Jodi Arias’ attorney’s filed a motion to dismiss the death penalty. They tried to argue that it is cruel and unusual punishment and thus unconstitutional “because permitting a retrial after hung jury in the penalty phase… violates double jeopardy and is cruel and unusual punishment.”
Cruel and unusual punishment is terminology that can be found within the eighth amendment of the Constitution. The basic premise is that neither jail nor punishment for a crime should be unreasonably severe and to guard against punishments that are disproportionately “cruel and unusual” (p.1).
The “cruel and unusual punishments” clause has been used to challenge the death penalty in the United States. It was successfully used in the case of Roper v. Simmons in which the Supreme Court ruled that “the eighth and fourteenth amendments forbid imposition of the death penalty on offenders who are under the age of 18 when their crimes were committed (p.1).”
Her attorneys were essentially attempting to argue that she should not be eligible for the death penalty because her first jury was unable to unanimously agree on a sentence.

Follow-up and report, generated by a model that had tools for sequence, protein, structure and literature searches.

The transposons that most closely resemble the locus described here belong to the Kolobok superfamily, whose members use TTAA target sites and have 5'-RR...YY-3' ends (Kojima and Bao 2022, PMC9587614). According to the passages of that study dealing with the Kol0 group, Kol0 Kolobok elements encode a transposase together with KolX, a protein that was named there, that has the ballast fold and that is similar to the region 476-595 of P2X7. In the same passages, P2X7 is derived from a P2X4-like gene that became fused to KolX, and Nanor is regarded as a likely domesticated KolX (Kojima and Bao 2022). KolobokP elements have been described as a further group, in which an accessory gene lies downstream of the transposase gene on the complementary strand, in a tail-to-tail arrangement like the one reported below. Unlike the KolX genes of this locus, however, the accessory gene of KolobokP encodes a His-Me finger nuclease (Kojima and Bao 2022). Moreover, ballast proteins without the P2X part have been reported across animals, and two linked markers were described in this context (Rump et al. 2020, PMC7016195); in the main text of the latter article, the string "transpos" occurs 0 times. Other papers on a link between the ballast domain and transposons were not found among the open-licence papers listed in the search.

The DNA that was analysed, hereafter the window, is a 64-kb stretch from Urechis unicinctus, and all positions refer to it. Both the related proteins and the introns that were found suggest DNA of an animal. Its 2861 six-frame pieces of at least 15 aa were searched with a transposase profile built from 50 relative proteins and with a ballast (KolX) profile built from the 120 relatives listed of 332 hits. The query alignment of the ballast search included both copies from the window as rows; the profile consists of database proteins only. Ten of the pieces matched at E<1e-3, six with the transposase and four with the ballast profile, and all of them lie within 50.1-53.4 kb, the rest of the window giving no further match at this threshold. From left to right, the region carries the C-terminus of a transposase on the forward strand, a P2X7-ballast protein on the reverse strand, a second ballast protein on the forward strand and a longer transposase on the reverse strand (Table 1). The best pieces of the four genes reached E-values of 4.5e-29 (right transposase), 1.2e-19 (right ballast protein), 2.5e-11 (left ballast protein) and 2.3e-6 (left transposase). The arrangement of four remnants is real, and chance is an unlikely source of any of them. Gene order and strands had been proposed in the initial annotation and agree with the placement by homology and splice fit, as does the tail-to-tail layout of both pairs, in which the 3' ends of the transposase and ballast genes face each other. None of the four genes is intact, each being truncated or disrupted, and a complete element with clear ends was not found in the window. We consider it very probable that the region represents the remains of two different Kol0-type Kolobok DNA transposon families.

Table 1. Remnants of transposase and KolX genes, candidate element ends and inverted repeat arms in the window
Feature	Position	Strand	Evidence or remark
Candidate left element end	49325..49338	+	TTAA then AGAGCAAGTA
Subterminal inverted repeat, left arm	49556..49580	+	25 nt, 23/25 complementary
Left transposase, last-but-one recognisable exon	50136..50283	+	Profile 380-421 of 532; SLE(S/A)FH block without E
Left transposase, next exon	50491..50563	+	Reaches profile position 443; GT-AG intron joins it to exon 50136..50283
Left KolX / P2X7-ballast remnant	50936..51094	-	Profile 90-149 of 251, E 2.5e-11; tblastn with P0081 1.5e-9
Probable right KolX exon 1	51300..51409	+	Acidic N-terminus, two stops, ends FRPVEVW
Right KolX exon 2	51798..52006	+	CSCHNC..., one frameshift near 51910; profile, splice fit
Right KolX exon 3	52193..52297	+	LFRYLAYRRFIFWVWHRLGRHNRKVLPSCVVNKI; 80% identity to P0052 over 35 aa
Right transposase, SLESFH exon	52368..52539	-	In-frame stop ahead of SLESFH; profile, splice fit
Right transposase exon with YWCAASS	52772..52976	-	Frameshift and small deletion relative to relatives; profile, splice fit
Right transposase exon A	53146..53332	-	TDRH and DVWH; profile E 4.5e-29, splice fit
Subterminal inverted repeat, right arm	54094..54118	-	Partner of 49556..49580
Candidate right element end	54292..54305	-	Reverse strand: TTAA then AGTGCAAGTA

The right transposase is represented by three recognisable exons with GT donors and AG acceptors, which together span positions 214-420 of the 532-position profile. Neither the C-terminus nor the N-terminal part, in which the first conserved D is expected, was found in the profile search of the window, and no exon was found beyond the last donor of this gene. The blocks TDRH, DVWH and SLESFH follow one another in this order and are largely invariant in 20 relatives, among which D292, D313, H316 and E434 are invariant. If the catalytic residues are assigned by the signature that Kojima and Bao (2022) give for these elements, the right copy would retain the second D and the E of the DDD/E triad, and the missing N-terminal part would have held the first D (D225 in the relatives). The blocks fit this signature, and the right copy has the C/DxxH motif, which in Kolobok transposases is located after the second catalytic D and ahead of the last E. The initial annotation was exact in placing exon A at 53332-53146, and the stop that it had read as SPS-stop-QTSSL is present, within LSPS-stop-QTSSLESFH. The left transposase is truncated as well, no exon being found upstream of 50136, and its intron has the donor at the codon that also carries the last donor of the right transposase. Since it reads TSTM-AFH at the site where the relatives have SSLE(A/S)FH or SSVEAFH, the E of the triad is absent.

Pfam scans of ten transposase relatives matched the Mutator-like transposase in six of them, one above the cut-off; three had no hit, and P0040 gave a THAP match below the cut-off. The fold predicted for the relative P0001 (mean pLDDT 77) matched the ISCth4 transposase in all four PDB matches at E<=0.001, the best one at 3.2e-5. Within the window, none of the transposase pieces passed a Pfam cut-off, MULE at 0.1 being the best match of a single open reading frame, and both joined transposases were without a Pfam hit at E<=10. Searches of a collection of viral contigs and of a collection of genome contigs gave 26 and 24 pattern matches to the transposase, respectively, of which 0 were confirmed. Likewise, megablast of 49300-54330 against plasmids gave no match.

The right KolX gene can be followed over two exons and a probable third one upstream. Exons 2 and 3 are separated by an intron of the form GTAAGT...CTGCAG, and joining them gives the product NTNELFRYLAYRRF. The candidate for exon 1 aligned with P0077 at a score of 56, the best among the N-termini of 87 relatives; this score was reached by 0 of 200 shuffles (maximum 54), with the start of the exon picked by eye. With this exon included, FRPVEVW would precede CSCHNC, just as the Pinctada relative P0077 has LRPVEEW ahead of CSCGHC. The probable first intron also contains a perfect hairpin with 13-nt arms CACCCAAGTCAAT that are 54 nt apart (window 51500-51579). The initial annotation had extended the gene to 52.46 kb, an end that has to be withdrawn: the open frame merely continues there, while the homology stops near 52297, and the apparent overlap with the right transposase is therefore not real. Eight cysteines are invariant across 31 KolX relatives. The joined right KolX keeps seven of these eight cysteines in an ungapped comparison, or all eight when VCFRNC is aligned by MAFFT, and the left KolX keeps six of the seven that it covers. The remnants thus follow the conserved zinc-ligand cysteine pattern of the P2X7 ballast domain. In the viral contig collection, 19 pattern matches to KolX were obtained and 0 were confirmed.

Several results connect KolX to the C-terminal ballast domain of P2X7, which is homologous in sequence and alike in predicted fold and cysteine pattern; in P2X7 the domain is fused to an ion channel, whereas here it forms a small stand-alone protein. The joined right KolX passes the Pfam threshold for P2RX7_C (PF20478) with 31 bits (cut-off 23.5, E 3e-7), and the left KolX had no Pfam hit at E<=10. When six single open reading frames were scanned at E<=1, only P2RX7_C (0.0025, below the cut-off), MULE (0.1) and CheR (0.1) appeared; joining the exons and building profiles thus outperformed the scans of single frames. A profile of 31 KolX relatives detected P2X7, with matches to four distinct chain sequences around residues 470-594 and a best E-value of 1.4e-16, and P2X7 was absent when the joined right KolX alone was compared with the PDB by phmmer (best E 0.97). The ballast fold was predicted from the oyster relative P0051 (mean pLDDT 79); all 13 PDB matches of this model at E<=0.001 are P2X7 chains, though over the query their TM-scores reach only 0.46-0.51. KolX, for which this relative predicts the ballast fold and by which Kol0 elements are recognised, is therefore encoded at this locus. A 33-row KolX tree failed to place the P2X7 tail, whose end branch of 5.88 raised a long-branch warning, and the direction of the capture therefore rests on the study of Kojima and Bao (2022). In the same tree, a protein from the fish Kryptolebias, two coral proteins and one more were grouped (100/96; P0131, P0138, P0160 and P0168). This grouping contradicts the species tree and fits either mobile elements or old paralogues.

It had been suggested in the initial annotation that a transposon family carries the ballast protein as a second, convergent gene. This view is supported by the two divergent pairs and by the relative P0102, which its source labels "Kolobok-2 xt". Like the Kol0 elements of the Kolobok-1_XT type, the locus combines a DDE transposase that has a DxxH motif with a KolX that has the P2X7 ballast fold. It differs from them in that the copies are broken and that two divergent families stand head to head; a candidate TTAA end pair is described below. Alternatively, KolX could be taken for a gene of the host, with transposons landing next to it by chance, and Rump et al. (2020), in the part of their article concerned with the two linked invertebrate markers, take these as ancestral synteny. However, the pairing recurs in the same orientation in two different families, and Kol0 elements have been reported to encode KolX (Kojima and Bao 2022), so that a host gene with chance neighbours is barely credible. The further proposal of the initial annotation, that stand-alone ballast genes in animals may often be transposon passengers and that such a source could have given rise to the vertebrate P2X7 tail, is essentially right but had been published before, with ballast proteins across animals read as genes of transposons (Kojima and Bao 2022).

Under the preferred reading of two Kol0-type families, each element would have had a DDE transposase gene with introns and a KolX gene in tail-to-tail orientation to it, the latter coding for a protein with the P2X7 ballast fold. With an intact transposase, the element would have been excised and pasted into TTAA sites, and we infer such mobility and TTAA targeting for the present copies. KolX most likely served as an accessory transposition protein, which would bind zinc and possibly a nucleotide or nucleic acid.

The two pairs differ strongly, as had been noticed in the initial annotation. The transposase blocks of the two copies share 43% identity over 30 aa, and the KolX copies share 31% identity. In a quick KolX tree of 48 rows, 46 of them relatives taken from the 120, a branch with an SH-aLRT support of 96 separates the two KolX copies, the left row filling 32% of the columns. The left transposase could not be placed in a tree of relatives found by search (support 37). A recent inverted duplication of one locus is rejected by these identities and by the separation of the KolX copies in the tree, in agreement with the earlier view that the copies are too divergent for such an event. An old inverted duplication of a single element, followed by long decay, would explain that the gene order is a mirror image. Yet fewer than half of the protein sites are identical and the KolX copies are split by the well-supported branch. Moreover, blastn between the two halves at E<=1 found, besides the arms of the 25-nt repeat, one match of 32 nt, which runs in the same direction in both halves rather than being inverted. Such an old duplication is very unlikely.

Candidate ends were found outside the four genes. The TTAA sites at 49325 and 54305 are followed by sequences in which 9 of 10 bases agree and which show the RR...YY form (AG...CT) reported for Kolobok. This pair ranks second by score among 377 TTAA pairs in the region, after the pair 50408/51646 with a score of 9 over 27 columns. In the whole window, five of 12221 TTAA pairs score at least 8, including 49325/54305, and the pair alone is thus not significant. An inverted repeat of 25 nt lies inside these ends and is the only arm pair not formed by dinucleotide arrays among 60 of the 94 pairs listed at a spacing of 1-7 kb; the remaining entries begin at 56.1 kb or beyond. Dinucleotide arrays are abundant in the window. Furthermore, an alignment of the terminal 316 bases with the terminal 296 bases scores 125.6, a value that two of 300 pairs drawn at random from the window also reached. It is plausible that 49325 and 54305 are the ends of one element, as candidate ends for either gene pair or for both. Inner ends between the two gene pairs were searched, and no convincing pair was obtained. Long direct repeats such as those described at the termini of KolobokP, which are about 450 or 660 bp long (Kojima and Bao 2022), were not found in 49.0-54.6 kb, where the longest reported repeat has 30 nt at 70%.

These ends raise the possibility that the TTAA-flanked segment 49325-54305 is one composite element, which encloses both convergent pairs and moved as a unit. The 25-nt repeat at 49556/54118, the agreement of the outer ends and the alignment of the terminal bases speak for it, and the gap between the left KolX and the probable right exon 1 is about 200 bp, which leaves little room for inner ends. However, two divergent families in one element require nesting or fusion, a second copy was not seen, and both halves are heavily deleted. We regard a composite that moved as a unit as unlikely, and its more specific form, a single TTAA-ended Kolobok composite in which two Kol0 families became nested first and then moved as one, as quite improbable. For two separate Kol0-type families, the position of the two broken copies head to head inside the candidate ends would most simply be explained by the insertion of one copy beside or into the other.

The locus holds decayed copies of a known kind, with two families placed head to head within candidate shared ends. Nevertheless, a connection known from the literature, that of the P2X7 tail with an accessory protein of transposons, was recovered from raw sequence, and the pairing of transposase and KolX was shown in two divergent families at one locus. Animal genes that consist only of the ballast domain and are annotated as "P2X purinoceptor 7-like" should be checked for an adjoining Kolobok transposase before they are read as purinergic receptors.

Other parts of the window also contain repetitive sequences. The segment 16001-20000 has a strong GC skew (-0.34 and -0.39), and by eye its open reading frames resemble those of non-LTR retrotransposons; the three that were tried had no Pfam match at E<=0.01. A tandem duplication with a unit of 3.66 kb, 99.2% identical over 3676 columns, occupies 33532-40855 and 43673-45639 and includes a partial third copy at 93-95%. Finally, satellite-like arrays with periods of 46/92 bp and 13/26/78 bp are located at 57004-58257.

Judge Sherry Stephens ruled that “the defendant has not been “acquitted” of the death sentence by the jury’s failure to reach a verdict, and thus there is no constitutional bar to retrying the penalty phase.”
Even though the jury was hung in the penalty phase it does “not result in cruel and unusual punishment or violate the double jeopardy clause.”
Judge Sherry Stephen denied Jodi Arias’ motion to dismiss the potential for a death sentence.
Jodi Arias remains eligible for the death penalty in the state of Arizona.
If the second jury is unable to reach a unanimous decision, Jodi Arias could face life in prison or she may be eligible for release after 25 years.
Her sentencing retrial is set for March 17, 2014. The trial will not be televised.
Update: AZ Central is now reporting that her trial has been “put aside.” Juan Martinez has another trial beginning May 12, 2014 and thus Jodi Arias’ trial has been postponed.